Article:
With this story of two very different young women, DeBoard (The Drowning Girls) portrays the lies that people tell to find acceptance and the terrible acts that powerful people casually commit. The story opens in the present with a press conference about a woman’s rape by a U.S. senator. The narrative alternates between this story line and one set in the late ’90s and early aughts, in which poor Kansas girl Megan Mazeros forms a friendship with Connecticut senator’s daughter Lauren Mabrey at all-girls Keale College. Each conceals a painful secret, and when the two are thrown together as roommates, they fall into the habit of using casual lies to paper over their differences, to hide their secrets, and even simply to amuse each other. Megan fabricates a history even more desperate than her real life to impress Lauren, the product of prep schools. Later, Lauren conceals her relationship with a young man that Megan briefly liked. The lies exacerbate the differences between the two until a horrific attack on the Mabrey family island off the coast of Maine shatters their friendship. While the rape looms in the future as a foregone conclusion, DeBoard only slowly reveals the details, so the final revelations are all the more powerful. (Jan.)Publishers Weekly

"DeBoard does a wonderful job creating her realistic and flawed characters, giving even secondary characters a rich backstory and a haunting sense of intrigue. This story particularly resonates now, in the throes of the #MeToo movement."-Booklist

"A nuanced and complex look at the long-standing consequences of privilege and toxic masculinity. At its heart, Here We Lie examines the seemingly unbreakable bonds of both friendship and family, and the lengths one will go to take care of their own. Compulsively readable!"-Kate Moretti, New York Times bestselling author of The Vanishing Year

"A wrenching tale of broken friendship and shattered dreams."-Kirkus Reviews

"WithHere We Lie, Paula Treick de Board spins a mesmerizing tale of two former best friends and one shocking secret. Suspenseful and evocative, with pitch-perfectprose and pacing,Here We Lieis a story that resonates long after the last word. An engrossing read." -Kimberly Belle, national bestselling author of The Marriage Lie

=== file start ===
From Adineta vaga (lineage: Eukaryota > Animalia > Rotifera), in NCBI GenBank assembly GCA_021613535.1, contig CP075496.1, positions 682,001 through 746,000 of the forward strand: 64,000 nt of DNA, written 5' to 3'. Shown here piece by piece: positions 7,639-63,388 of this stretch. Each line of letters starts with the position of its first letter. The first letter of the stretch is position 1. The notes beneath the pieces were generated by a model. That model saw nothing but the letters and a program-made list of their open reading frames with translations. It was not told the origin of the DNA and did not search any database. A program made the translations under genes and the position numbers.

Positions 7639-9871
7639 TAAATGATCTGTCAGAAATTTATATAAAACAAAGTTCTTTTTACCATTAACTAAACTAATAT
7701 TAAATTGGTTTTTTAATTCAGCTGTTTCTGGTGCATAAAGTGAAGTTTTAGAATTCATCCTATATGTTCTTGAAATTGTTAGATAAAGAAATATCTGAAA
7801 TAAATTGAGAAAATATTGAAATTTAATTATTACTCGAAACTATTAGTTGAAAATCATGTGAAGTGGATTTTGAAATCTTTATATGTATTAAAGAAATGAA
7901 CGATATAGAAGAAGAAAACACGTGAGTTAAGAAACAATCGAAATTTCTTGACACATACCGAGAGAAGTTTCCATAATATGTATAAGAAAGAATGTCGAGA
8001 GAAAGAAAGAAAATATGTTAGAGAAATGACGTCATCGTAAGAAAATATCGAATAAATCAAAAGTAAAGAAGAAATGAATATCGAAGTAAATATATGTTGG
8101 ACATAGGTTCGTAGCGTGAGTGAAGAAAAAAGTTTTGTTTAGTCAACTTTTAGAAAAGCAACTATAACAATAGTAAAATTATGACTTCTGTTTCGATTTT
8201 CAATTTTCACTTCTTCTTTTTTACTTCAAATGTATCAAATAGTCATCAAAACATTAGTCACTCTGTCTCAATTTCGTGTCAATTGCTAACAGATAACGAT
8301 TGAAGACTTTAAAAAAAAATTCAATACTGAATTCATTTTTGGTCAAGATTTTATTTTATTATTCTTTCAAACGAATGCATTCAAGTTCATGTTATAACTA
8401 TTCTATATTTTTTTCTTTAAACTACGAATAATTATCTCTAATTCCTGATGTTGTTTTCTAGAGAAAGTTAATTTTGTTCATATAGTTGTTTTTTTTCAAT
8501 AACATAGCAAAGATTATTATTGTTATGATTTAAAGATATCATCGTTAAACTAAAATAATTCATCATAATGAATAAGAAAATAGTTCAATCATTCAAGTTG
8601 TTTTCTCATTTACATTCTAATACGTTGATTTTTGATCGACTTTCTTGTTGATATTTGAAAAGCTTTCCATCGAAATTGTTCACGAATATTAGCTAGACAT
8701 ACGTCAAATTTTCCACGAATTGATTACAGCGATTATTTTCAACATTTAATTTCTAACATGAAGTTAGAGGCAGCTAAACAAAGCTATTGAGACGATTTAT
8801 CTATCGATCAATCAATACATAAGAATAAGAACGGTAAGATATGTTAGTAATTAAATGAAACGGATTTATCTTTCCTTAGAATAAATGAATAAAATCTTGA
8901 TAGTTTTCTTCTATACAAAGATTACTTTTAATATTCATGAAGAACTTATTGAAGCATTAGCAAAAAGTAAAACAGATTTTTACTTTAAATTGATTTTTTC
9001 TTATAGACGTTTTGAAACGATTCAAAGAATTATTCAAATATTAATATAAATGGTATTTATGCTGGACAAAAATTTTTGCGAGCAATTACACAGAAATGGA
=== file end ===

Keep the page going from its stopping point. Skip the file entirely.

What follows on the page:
From her riveting first chapter, DeBoard casts a line back in time and reels an unlikely college friendship ever closer to the novel's inevitable conclusion. An absorbing exploration of how we attain personal power and the consequences of wielding it." -Kathryn Craft, award-winning author of The Far End of Happy and The Art of Falling

"Set against a backdrop of college life, politics, and sexual assault,Paul Treick DeBoard explores the exquisite joy of discovering the perfect friendship-then the acute pain of disentangling when that friendship sours.Here We Lie takes youa remarkable journey of two girls who learn, together and alone, to decide who they will ultimately be-it is at once observant, devastating, and thoroughly satisfying."-Emily Carpenter, author ofThe Weight of Lies and Burying the Honeysuckle Girls

"With this story of two very different young women, DeBoard portrays the lies that people tell to find acceptance and the terrible acts that powerful people casually commit... While the rape looms in the future as a foregone conclusion, DeBoard only slowly reveals the details, so the final revelations are all the more powerful." –Publishers Weekly
Other books by Paula

Connect with Paula - Website - Facebook - Twitter

Meet Paula:
​Paula is a reader, writer, drinker of strong coffee and an all-around slave to public education.
She wrote her first novel when she was nine years old, in the back seat of an orange 1977
Chevy Caprice station wagon with wood paneling. It was exactly as good as you might expect
a novel written by a nine-year-old to be.
In the intervening years, Paula majored in English, taught junior high and high school English
and earned an MFA in Fiction Writing from the University of Southern Maine.
These days, she splits her time between teaching (at the University of California, Merced),
chatting about writing whenever she has a chance, and staring at a laptop screen for
uninterrupted hours. Her novels include Here We Lie (January 2018), The Drowning Girls,
The Fragile World and The Mourning Hours.

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  1. How have I not seen this one before?!?! Sounds right up my alley!

  2. Thanks so much for sharing this Debbie and for the chance to win! Have a lovely weekend. :D

    1. My pleasure Kindlemom. You have a good weekend too!

  3. Thanks for this intriguing novel.

  4. I've read one of her previous novels (The Mourning Hours) a couple years ago and loved it. Thanks for the chance to win a copy!

  5. Sounds really good! Thanks for the chance!

    1. Hi Carla, thanks for stopping by and you're welcome!

  6. Yes! I can see just how relevant this one is. Glad you brought it to my attention.

    1. Sophia Rose your friendly neighborhood book pusher says you're welcome LOL

  7. This is a new author for me. It sounds like the topics we've been seeing so much in the news.

  8. Oh interesting, and topical. I'd certainly read it as I suspect the main character has many challenges as she comes forward.

  9. Wow, sounds like this will pull at my heartstrings. The end of the excerpt got me hooked.

  10. Sounds like a great read. Great excerpt!

  11. This sounds like a really interesting read, Debbie! Happy Monday and Hugs...RO